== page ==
Dear Anna,

You feel it that way because God is working on your heart and moulding you into a Mother :)

I was the same way with both my pregnancies. I stayed away from ANYTHING that upset me. It felt safe for my babies.

Many Blessings :)

Candylei said...

You are blessed with a heart, mind and body with emotions. It is such a beautiful thing. We don't like sadness much, but sometimes reading about others actions helps us to have a bigger heart. Maybe we don't understand them or their actions, but boy are we going to protect our own kids!

Analytical Adam said...

The only thing I must add here is that there are cases where the father wants the child and the mother does not and sadly there is nothing the father can do about it and we should feel for men that lose children they wanted because of women who listen to everybody else except their husband and we should be angry at women that don't want to listen to the husband and/or the father of the child. If the case was reversed you may not be here but it is sad the men have little they can do about it. THat is one of the issues as well as fathers have absolutely no say in this which is VERY WRONG. I understand the women is bearing the child but the torah clearly differes from pagen religons that only give rights to mothers because they bear the child. This applies to when women ask questions to Rabbi's some Rabbi's don't really care what the husband thinks and it is wrong.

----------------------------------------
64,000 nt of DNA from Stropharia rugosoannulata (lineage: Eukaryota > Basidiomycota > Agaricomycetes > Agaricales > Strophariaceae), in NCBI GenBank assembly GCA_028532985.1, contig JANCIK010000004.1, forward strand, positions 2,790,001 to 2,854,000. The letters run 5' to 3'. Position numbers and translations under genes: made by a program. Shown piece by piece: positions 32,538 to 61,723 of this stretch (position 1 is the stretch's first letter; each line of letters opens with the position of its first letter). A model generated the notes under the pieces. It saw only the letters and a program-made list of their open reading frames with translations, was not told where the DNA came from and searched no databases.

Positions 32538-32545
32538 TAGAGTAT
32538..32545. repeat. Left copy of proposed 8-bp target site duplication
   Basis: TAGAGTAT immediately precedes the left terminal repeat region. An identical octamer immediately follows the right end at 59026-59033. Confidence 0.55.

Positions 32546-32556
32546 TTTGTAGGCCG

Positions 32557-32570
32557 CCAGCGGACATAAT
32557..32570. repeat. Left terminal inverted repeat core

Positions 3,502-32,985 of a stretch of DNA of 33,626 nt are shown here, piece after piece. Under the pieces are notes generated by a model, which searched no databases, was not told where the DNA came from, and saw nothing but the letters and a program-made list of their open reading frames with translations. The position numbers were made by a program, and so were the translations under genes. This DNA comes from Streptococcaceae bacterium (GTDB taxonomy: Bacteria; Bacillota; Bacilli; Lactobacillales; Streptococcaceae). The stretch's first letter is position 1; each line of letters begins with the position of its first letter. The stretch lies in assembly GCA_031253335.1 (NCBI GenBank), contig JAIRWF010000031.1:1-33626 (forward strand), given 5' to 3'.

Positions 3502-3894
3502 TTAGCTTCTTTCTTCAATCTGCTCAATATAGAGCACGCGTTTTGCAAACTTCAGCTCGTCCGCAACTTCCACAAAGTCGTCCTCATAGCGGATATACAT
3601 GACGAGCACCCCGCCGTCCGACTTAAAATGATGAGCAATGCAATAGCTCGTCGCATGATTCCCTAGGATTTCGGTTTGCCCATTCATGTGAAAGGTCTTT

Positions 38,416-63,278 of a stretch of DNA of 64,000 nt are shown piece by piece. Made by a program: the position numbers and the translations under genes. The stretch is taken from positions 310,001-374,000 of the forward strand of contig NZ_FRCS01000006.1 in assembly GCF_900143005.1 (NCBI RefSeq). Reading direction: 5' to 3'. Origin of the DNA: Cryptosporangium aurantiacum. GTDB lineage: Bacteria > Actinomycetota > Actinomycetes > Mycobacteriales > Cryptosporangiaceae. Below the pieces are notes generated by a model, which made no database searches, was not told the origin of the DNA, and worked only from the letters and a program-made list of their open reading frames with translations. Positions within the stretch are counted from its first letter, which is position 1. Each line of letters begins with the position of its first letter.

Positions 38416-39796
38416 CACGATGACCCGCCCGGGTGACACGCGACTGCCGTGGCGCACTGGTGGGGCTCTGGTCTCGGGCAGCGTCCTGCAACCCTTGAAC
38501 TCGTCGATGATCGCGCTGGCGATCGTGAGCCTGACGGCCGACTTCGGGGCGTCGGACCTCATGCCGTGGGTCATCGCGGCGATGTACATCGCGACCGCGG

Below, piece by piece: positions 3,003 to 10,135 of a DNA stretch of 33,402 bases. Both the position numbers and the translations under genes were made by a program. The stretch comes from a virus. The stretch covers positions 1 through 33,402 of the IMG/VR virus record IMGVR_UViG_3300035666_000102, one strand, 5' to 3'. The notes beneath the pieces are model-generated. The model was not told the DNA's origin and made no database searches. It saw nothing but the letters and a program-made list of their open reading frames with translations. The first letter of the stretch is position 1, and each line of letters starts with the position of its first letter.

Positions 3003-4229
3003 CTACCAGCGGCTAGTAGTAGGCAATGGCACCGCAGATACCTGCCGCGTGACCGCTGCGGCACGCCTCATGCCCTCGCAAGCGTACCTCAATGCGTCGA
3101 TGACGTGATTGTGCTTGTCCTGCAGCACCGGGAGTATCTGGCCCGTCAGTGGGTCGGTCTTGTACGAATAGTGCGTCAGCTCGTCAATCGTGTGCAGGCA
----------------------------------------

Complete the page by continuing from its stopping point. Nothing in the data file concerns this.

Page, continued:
I do agree that some women are not told all the facts and sometimes coerced but it is sad that many men and women have been taught very little sense of morality (althoguh they may keep some ritual observance) that if someone told them to do it they wouldn't question it.

Mrs. Anna T said...

Adam, you raise an important point: yes, there are instances when the father wants the child, but cannot do anything about it. I believe it's a serious violation of the father's rights.

Anonymous said...

Adam does raise an interesting point. Most women who are considering abortion DO consult with the husband or boyfriend. But ultimately, I think the decision has to be the woman's because SHE is the one who must go through the very difficult and debilitating process and health risks of pregnancy, and the great pain of childbirth. It would be a serious violation of HER rights if the husband or boyfriend or government could force her to do so against her will.